Completing a Proper Caption

Article 3 min
Make your caption thorough and engaging using Explanation, Identification, Background and Credit line.

As a military photographer, the information that you include with your photographs must be the most accurate and reliable information possible. A caption is not complete unless it answers these basic questions: Who, What, When, Why, Where and How. Each of these questions can be addressed using the tips explained in more detail below: Explanation, Identification, Background and Credit Line.

Using these tips to answer the basic questions will help the reader understand the context and story of the image. Make sure you write down all the pertinent information—don’t try to just remember it. Misspelling names, misidentifying equipment, units or terms could ruin your reputation as a photographer and can call your organization's integrity into question. For more information, refer to the DoD Visual Information Style Guide. 

Read through each section for a more in-depth look at tips for completing captions. 

The first sentence in a caption is the most important; it links the photograph to the caption by describing the action taking place. Explanations in captions should:

  • Use present tense in the first sentence to give the readers the sense of immediacy, as though they were witnessing the event
  • Include a date
  • Always use active voice and never passive voice
    • Active - U.S. Soldiers destroy a weapons cache
    • Passive - A weapons cache is destroyed by U.S. Soldiers

ALL acronyms must be spelled out for the first reference with the acronym in parentheses if it is going to be used again. The second reference does not need to be spelled out. Do not include the acronym in parentheses if there is no second reference.

Example:

First reference: Students train with the Fire Arms Training Simulator (FATS).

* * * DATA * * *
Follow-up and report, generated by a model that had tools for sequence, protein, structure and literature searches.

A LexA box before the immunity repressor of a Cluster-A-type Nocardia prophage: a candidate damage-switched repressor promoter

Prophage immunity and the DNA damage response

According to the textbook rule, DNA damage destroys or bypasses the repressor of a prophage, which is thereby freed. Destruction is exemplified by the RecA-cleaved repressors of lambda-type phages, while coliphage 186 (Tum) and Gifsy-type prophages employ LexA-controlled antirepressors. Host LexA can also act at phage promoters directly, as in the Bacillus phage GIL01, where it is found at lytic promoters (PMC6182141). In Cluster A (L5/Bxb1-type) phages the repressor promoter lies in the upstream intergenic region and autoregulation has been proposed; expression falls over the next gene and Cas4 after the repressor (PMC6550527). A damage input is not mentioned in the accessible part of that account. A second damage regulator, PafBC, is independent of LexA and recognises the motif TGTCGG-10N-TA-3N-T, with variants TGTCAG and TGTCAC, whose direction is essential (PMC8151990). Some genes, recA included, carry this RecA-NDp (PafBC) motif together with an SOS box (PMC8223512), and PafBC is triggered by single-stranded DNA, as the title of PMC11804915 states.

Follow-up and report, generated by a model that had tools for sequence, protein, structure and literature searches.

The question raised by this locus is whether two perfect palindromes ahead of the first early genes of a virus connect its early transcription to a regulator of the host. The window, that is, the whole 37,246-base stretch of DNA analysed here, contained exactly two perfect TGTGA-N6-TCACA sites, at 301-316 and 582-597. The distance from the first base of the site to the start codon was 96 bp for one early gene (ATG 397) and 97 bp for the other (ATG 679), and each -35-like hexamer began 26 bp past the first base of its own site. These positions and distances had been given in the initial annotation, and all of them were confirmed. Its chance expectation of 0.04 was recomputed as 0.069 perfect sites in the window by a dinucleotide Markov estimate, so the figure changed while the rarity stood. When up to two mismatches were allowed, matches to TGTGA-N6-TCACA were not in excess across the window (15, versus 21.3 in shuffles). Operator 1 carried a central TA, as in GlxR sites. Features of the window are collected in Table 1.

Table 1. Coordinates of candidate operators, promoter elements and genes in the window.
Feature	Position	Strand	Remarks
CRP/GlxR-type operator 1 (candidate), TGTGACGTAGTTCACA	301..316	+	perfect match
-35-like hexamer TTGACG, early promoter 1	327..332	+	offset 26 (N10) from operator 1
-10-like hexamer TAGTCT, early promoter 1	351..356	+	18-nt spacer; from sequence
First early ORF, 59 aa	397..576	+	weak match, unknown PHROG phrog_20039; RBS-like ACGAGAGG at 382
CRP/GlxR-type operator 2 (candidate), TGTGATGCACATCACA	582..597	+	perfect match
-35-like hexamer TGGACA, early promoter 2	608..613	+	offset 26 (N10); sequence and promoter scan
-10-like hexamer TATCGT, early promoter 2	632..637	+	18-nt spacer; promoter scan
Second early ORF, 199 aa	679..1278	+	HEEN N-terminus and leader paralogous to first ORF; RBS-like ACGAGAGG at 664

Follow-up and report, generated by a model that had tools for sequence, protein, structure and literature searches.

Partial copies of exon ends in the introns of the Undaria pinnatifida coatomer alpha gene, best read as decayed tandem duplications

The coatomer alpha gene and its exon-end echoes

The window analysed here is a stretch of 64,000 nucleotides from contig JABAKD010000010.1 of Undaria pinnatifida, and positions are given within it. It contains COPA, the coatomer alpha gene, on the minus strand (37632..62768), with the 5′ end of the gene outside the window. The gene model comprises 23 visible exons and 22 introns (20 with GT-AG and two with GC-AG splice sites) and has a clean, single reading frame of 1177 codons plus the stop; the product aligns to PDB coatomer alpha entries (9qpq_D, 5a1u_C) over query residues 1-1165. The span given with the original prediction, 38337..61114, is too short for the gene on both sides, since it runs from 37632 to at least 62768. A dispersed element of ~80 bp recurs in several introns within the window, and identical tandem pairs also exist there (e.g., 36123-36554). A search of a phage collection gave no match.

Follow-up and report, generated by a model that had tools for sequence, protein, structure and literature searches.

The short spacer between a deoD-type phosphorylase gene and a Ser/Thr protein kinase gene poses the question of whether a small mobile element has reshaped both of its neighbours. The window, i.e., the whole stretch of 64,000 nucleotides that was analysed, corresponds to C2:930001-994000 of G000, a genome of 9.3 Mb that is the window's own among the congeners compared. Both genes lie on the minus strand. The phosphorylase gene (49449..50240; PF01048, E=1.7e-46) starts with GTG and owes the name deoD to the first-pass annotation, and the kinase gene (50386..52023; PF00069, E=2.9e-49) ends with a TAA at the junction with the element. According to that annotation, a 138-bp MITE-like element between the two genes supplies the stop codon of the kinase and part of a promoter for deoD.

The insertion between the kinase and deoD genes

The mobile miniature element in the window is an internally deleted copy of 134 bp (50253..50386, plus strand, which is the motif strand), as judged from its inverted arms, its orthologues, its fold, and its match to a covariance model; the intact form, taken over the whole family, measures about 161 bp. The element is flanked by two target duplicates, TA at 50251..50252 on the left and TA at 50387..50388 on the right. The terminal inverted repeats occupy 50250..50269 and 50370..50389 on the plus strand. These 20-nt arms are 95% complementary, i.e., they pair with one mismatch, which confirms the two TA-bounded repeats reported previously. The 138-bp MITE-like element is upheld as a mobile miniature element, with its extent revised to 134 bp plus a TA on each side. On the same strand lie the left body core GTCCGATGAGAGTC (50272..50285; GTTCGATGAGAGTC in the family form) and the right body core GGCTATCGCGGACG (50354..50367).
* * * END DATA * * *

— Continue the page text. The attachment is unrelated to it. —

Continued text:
Second reference: After completing their course work in FATS, students move to the field.

There are four methods you can use to identify the subject in the image. 

  1. Action - The best method. The subject is identified by the activity they are doing. In this example, Airman Snuffy is the one adjusting the bolt.

    U.S. Air Force Airman Joe Snuffy adjusts the tension of a bolt on the landing gear of a C-130.
     
  2. Obvious contrast - This method is usually easier to use when there is a public figure involved. The reader already knows the public figure, which makes it easier to identify the other individual by obvious contrast. In this example, there are two people shaking hands, but we know which one is President Obama. 

    President Barack Obama shakes hands with U.S. Marine Corps Pfc. Jane Snuffy during a ceremony at… 
     
  3. Process of Elimination - Although this method can be complex, it is effective and works with all methods. In the caption below, the reader knows that Gen. Bear Lipton is the one presenting, while the Master Sgt is the recipient.

    Gen. Bear Lipton presents Master Sgt. Snapshot Jones with…
     
  4. From left - This method is not commonly used, but it works well with groups. When using this method, IT IS NOT left to right, instead, it is simply “from left.”

    Incorrect: U.S. Army Staff Sgt. Johnny Blue, left, and Cpl. Jane Doe…
    Correct: From left, U.S. Army Staff Sgt. Johnny Blue, Cpl. Jane Doe, and…

Background consists of additional information, facts or explanations needed to clarify the photograph. Background provides context for the news value of the photograph.

Example:

Mass Communication Specialist 3rd Class Aaron X. Saldana takes a photograph of an MV-22 Osprey, assigned to Marine Medium Tiltrotor Squadron 162, aboard the Wasp-class amphibious assault ship USS Iwo Jima (LHD 7) Feb. 22, 2020. Iwo Jima is underway conducting a flight deck certification in the Atlantic Ocean. (U.S. Navy photo by Mass Communication Specialist 3rd Class Jessica Kibena/ Released)

"Iwo Jima is underway conducting a flight deck certification in the Atlantic Ocean," is considered relevant background.

The credit line gives credit to the branch of service and the photographer, and should be enclosed in parentheses.

Example:

(U.S. Army photo by Spc. Jimmy Snuffy)

Release Status

Note that the release status is not an element of the caption. Enter this information in the “Release Instructions” field of the image metadata. If unclassified imagery is released to the public, the release status will be either:

  • "Released" 
    OR
  • "For Official Use Only (FOUO)"

 

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